The Customs of the Trade
The first serious challenge to the Net Book Agreement came from an unlikely source. In the first few years of the twentieth century, The Times was in serious financial difficulties. Although the paper which John Walter had started as an advertising sheet for a new and improbable typesetting process in 1785 had become the voice of the Victorian establishment, it had suffered badly from competition in the 1890s. There were many reasons for this; unfortunate libel suits had cost a great deal of money, The Times was unable or unwilling to invest in new printing technology, its price was high and its style was distinctly old-fashioned in a world in which Newnes, Harmsworth and Pearson were creating a new kind of journalism which was affecting even The Times’s rivals among the serious newspapers such as The Daily Telegraph.1 In an attempt to overcome these problems, John Walter, the owner of The Times, installed Moberley Bell as manager at Printing House Square. He had many ideas for the revival of the newspaper’s fortunes; these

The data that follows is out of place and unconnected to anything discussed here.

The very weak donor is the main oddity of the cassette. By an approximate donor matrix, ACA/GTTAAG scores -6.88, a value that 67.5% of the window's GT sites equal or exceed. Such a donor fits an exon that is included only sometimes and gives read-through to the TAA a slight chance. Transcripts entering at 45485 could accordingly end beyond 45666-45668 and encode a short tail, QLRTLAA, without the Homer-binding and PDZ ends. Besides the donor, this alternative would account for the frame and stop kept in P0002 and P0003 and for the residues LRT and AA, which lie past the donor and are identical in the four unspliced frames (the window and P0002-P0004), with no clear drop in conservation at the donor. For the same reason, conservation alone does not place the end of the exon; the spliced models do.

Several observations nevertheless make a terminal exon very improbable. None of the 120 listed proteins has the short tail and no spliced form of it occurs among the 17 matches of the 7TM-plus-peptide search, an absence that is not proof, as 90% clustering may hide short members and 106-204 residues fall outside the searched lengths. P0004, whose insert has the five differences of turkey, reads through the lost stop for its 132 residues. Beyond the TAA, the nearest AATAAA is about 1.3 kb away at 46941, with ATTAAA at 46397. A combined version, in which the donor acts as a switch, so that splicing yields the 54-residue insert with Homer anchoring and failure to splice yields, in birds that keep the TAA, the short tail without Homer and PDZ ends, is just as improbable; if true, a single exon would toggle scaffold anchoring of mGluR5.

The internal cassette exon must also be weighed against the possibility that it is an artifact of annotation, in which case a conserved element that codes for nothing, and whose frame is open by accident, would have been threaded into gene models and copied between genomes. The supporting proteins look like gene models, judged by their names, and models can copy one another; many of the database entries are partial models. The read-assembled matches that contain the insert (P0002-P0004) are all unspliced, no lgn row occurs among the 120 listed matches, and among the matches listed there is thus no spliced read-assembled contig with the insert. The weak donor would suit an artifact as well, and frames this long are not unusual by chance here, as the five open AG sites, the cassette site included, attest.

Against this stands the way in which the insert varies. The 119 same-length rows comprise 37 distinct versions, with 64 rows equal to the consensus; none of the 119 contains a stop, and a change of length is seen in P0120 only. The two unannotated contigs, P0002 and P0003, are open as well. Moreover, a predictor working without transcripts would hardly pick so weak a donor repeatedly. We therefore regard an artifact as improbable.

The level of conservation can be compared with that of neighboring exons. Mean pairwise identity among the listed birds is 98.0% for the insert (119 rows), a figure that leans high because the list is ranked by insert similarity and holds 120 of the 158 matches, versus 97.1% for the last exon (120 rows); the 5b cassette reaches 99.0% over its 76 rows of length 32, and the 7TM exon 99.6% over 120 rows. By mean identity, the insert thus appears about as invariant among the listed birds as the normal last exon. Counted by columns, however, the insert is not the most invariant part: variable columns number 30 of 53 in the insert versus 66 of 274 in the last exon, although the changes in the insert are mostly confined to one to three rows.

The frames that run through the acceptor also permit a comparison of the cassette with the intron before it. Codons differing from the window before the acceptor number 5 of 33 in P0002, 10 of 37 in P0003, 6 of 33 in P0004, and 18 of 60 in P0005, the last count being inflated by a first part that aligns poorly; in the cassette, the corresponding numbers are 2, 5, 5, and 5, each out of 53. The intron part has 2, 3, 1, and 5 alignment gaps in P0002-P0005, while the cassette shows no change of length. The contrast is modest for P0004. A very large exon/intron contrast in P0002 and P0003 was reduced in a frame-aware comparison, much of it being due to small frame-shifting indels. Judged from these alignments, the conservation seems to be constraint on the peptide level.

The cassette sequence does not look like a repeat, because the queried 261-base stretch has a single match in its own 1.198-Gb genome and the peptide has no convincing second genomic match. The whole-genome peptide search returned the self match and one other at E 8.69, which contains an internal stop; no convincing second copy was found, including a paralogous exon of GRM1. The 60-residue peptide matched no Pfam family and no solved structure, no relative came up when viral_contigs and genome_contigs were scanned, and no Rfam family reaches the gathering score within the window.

included The Times Literary Supplement, one of his abiding successes, and The Times Book Club, which almost brought total disaster.2 The origin of the Book Club can be traced to two American booksellers, Horace Hooper and W. M.Jackson, whom Bell met in 1897.3 They had their background in the very different book trade traditions which had developed in the United States, where direct selling by mail was almost a necessity given the vast distances between cities in that country and the great difficulty of travel between them. They also brought with them a knowledge of the advertising techniques which had been developed in the USA to support mail-order operations.4 It was quite unlike the staid world of British publishing, and to Bell it spelled the salvation of The Times.